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3D Printing- Bringing Future of The Furniture In Your Homes

FDT Bureau

3D Printing- Bringing Future of The Furniture In Your Homes

Many people are already accustomed to the various productions of additive manufacturing or 3D printing, that vary from the mundane like furnishings and jewellery, to more specific things like a medical speciality. However 3D printing might have larger fish to fry: many prototypes in recent years proffer the tantalising thought that 3D printing might also be used to mass manufacture reasonable housing quickly and cheaply, basically ever-changing the development trade from a slow, wasteful method to an automatic and cost-efficient one.

In this blog post, we are going to show you 3D printed home decoration merchandise and article of furniture created by either giant corporations like IKEA or by freelance designers. Before doing, therefore, let’s begin with respondent the question:”Why you must use 3D printing in your company within the home furnishing trade or home decoration market.”

The Endless Potential of Printing 3D Decor

Printing 3D Decor

Image courtesy: Static.materialicious

3D printing presents a convenience for interior designers unprecedented before. You'll be able to manufacture ornament, furniture, enhances, and even walls. This enables you to produce wholly unique experiences tailored to specific areas or brands. The geometric freedom 3D CAD software package offers you to create unlimited shapes you'll be able to “print.” whether you or your shopper planning for homes, offices, and buildings.

There are two specific reasons to use additive manufacturing for creating furniture. More general reasons for using 3D printing include reduced costs, fewer steps in the process and faster implementation of modifications.


living room furniture

Image courtesy: 3d Print

The first and foremost reason for selecting to 3D print furnishings is to be able to integrate a part of distinctive 3D printing design. This product design should also be the main point of the merchandise once 3D printing is employed because it'd be more cost-effective to use regular producing for your assembly line. Regular manufacturing wouldn't be ready to integrate advanced geometries and product style forms, specific shapes and customisation choices that successively could lead on to further revenue streams.


3D printed furniture

Image courtesy: 3d Print

Another reason to use 3D printing for furniture is the fact that 3D printed objects will be light-weight weighted. Light weighting is a 3D printing of changing the density of the objects. Varying the thickness will be done through the advanced 3D software package and 3D printers, which results in the possibility to get rid of some mass and therefore to create the item very lightweight. Making the objects weigh less than unremarkably heavy weighing furnishings like sofas may be a huge advantage once it comes to transport for both the company and during post purchase for the shoppers.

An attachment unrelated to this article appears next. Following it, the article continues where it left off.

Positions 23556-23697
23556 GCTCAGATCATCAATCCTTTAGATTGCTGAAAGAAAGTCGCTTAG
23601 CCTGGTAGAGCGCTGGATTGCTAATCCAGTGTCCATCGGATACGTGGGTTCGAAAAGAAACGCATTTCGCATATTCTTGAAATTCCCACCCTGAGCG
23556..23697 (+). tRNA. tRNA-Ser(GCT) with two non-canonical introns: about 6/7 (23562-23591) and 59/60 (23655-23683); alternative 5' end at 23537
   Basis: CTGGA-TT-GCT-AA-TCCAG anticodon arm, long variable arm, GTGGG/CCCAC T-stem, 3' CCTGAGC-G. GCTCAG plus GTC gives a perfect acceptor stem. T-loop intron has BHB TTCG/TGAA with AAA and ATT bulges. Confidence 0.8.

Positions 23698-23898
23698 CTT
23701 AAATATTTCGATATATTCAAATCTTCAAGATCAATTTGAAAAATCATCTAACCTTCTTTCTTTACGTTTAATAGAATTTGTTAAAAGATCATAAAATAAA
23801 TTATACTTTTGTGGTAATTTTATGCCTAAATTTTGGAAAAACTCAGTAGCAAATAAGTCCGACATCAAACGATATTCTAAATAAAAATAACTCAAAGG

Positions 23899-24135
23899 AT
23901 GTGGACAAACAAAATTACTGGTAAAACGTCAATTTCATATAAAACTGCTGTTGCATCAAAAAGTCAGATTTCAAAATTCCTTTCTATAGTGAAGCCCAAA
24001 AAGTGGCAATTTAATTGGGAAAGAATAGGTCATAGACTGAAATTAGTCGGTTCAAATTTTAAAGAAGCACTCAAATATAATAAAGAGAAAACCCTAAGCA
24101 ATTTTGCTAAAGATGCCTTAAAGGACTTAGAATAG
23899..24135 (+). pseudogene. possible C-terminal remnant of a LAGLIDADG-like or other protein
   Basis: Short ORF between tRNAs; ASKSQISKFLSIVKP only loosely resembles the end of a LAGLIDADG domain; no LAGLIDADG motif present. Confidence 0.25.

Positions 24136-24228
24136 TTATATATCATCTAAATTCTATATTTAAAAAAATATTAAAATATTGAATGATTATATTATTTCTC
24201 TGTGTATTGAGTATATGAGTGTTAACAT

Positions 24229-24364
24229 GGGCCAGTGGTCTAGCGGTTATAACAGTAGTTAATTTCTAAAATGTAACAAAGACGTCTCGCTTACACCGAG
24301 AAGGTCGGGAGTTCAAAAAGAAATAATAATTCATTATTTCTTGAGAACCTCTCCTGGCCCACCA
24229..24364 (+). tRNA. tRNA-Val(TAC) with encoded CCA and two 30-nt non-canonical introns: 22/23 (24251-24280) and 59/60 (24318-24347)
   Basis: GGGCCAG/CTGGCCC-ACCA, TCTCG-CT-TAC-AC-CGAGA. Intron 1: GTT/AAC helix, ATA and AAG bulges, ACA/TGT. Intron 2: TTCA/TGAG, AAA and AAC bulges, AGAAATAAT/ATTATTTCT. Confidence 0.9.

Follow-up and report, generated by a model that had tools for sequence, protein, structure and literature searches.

Companies that integrated the use of 3D printed furniture

We went over the benefits of using additive manufacturing for furniture, but now you can find some great examples below. These furniture designs and made designs are done by sovereign architects who had designs done for private consumers, but there are also real-life models made by means to larger sized companies. You will find that most of these examples have either a very daring design or a very complex architecture.

Examples of 3D printed living room furniture

1. Ultimate's Scandinavian styled 3D printed table

styled 3D printed table

Image courtesy: pinimg

By making use of computer-aided design (CAD) software and 3D software, designer Jon Christie got motivated to create a different table by looking at the Scandinavian home decor fashion, which is notable for its timelessness, vertical lines, smooth design and darting colours (albeit in small quantities). The cover of this bassline table is made from clean-cut chestnut wood, but the attaching parts are made from Polyamide material. 3D printing technology and 3D printing elements allow even to print wood and wooden furniture. To put both the table and the 3D printed components together, Jon used a self-assembly lab. Quoting Jon Christie on using 3D printing for furniture: ‘’The 3D printed chair and table elements can be tailored at minimum cost to the customer’s dimensions, their choice of hardwood and colour. Tabletops come in all forms and sizes, and the same 3D printed component can be used to make a 16-seat dining table or a regular sized desk.